The welfare change from a price increase-for example, the compensating variation (cv) - is often calculated using the expenditure function from an estimated demand. If there is unobserved preference heterogeneity, then the estimated demand is an average over households with different preferences. And the cv from the mean demand does not generally equal the mean cv. We give conditions ensuring that the cv from the mean demand equals the mean cv, is less than the mean cv, and approximates the mean cv better than the change in consumers' surplus. A necessary condition is that demands become more dispersed as income rises.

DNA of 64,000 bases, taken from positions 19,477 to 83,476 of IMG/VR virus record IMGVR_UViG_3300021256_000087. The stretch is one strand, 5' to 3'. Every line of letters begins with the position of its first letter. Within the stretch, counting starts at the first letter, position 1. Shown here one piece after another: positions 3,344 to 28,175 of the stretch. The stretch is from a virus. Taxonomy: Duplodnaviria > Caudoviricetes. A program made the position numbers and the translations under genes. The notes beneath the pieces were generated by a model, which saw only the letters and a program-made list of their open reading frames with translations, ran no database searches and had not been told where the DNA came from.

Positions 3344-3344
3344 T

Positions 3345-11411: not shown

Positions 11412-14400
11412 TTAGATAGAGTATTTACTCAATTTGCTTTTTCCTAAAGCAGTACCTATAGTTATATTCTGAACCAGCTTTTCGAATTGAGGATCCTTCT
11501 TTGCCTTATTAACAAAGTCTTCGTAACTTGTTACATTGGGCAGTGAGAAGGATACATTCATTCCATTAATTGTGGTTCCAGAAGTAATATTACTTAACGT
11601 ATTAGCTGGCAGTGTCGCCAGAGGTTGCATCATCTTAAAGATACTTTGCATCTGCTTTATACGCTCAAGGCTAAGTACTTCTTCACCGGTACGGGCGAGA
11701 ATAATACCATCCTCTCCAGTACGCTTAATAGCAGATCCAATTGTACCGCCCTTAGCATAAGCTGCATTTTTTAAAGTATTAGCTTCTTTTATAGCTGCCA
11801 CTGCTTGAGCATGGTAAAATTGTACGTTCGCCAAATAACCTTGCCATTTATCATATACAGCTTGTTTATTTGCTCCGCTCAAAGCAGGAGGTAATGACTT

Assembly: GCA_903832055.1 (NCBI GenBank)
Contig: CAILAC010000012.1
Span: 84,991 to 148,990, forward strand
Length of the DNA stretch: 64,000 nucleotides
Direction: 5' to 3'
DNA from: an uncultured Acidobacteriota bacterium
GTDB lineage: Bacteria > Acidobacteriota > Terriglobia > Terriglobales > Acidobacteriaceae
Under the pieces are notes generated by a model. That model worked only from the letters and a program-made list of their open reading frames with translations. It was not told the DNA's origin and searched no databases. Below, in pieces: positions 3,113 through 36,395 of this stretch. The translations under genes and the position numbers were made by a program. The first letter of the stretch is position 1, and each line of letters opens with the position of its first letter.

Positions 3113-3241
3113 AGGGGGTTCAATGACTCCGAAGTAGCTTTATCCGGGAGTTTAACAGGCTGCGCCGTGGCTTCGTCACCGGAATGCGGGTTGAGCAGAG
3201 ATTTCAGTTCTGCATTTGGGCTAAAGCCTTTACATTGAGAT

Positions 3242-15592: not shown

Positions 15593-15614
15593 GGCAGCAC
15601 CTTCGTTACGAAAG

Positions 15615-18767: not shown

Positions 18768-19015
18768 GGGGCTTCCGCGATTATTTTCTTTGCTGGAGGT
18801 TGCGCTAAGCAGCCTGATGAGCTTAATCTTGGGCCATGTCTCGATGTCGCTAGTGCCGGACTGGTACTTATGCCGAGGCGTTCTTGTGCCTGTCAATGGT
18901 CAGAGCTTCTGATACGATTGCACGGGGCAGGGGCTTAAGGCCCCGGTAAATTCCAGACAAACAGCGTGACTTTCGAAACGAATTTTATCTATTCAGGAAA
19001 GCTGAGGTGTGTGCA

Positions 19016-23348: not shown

ASJC Scopus subject areas
- Economics and Econometrics